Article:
Counting The Kos

High up in the steep stands of the Wanda Metropolitano last May, I saw a figure decked in black crumple to the floor. The ball was kicked into touch quickly, as the jolt of realisation swept through the stadium. At the back of the upper tier, we craned our necks and tried to make sense of which player it was writhing in pain and thumping the turf, as his colleagues enveloped him in concern.

The calculation did not take long to process. The prone body was positioned on the left side of the centre of Arsenal’s defence. It was Laurent Koscielny. The moment of anguish occurred off the ball, away from our gaze. But nobody reached for their phone to check what had happened. We all knew. Laurent Koscielny’s achilles tendon was subject to constant TLC due to a long standing issue (if you’ll pardon the expression).

Even Diego Costa looked aghast as he motioned for the stretcher. Everybody knew what had befallen the Frenchman and already we began to speculate as to whether he would be able to play at the top level again. Club captain Per Mertesacker was negotiating his final weeks as a professional footballer at that time and we had seen his workload vastly reduced after a serious knee injury.

Likewise, Tomas Rosicky and Mikel Arteta were retained for their final seasons at the club due to their ambassadorial qualities, their bodies unable to bear the strain of regular competition any longer. It was irresistible to pre-emptively assign Koscielny the same fate. An impeccable character and leader for the best part of a decade, my impression was that he would be nursed back to fitness, before settling into a ‘club elder’ role as I peered down on his stretcher from on high, a reluctant voyeur to a requiem for a career.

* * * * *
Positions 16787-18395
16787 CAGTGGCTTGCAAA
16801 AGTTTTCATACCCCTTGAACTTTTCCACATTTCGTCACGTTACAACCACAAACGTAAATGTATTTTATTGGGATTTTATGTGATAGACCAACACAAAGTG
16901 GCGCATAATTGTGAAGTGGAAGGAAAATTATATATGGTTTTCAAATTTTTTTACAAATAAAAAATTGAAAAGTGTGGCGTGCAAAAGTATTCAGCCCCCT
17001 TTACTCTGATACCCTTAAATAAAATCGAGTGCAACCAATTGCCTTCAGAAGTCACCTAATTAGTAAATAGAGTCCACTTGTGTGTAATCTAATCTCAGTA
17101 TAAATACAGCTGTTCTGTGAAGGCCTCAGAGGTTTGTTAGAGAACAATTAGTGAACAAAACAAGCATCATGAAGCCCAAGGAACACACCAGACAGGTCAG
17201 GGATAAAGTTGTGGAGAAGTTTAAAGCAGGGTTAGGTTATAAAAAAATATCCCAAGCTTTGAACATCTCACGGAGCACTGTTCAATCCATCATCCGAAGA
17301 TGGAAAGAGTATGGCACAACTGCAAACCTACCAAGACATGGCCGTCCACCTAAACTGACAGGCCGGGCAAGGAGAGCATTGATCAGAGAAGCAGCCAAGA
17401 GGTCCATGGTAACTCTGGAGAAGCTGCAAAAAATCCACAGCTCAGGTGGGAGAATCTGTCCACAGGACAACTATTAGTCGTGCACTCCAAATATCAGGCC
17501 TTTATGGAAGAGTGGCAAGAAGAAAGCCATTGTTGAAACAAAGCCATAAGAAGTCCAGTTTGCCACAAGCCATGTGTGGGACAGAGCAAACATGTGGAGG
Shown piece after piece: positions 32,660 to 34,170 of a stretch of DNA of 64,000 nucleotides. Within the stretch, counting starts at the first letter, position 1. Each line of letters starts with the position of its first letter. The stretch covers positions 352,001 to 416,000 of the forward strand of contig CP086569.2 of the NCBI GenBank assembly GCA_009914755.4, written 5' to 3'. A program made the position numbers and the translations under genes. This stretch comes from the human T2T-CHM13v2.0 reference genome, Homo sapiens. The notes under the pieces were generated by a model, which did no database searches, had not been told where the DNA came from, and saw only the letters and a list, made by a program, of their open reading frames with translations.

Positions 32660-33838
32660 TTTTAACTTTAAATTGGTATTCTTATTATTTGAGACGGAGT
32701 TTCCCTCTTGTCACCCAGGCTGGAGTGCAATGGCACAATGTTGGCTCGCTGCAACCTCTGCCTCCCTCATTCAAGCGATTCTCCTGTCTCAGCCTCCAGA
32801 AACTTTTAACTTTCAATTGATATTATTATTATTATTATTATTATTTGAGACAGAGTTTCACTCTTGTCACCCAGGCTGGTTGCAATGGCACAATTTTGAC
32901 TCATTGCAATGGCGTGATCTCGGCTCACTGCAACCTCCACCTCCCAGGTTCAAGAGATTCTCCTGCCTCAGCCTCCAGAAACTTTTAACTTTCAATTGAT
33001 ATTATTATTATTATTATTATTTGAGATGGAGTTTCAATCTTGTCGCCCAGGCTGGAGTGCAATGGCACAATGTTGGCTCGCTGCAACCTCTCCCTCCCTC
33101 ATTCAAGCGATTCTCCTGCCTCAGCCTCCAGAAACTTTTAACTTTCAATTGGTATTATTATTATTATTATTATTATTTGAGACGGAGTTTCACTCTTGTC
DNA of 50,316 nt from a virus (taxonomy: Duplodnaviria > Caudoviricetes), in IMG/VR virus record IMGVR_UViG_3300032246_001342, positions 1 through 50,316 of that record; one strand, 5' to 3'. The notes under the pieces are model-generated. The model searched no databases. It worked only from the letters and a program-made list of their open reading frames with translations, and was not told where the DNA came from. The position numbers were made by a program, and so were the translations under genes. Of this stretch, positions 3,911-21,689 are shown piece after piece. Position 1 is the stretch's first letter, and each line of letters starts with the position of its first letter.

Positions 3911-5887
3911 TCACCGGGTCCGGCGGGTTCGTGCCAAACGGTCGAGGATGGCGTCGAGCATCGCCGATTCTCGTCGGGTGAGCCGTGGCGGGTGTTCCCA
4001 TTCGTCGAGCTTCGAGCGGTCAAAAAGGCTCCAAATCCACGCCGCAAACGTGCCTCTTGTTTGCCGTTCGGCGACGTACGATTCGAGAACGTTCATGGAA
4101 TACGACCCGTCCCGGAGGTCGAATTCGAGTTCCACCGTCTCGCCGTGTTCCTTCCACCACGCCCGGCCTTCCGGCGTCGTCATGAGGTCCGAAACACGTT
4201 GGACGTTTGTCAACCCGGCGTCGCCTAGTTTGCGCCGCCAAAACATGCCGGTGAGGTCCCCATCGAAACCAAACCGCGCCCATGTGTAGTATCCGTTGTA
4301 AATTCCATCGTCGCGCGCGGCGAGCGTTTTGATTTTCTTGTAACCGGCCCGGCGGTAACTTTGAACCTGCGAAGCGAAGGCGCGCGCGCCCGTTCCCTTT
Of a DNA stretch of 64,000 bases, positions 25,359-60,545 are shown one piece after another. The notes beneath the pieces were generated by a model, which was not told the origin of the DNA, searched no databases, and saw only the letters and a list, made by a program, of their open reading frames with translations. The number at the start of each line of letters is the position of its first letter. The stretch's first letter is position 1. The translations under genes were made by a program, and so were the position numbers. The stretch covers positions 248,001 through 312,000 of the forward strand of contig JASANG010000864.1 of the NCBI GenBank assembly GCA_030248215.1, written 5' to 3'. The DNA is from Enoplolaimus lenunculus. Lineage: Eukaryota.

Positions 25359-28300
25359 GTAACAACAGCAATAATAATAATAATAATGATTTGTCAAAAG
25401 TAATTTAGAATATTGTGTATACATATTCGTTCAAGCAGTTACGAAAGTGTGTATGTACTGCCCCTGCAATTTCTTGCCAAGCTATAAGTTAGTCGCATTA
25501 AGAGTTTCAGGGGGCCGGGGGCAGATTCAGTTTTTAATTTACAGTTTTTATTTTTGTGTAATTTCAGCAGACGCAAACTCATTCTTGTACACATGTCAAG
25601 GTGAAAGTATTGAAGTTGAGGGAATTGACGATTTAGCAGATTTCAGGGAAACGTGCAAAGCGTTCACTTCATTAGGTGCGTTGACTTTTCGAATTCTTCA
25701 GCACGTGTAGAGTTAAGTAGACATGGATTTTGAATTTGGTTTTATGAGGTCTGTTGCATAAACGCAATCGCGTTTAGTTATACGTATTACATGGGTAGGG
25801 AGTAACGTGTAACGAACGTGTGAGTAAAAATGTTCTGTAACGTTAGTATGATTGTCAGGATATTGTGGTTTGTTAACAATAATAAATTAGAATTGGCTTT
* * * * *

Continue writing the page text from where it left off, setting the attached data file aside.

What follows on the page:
Seven months later, he returned to the team. I still anticipated that, once the injury situation relented, he would be eased into a sporadic role. Given his swift recovery, I upgraded my expectation of his position from Per Mertesacker to Vincent Kompany- someone only really wheeled out for the big games and largely for his leadership qualities.

Three months on from a difficult comeback against Southampton at St. Mary’s, Koscielny is playing regularly and remains Arsenal’s best defender. He continues to put his body on the line for the club, the sight of him hobbling back onto the pitch after bone rattling impact, before settling easily back into his stride has become commonplace. The scars on his legs must have scars on their legs. Romelu Lukaku stood on his face for goodness sake.

In recent weeks, the likes of Kane, Lukaku and Hazard have been unable to extract any joy when faced by the partnership of Koscielny and Sokratis. I think the Greek has had his part to play in Koscielny’s revival. Papa’s love of physical contact and his swiftness across the ground have allowed Koscielny to adapt his style. In the Koscielny and Mertesacker axis, Kos was the legs and Mertesacker the brain. But Laurent has adapted to survive and transitioned from athlete to lecturer.

Earlier in his Arsenal tenure, Koscielny’s gifts were mainly physical, but he has reduced his physical workload this season and assumed a more considered role. Most defenders with predominantly physical profiles are unable to adapt in this way. This season, Koscielny has made twelve Premier League appearances, so the sample size is still a little small, but trends are emerging that suggest he is less taxed physically compared to last season.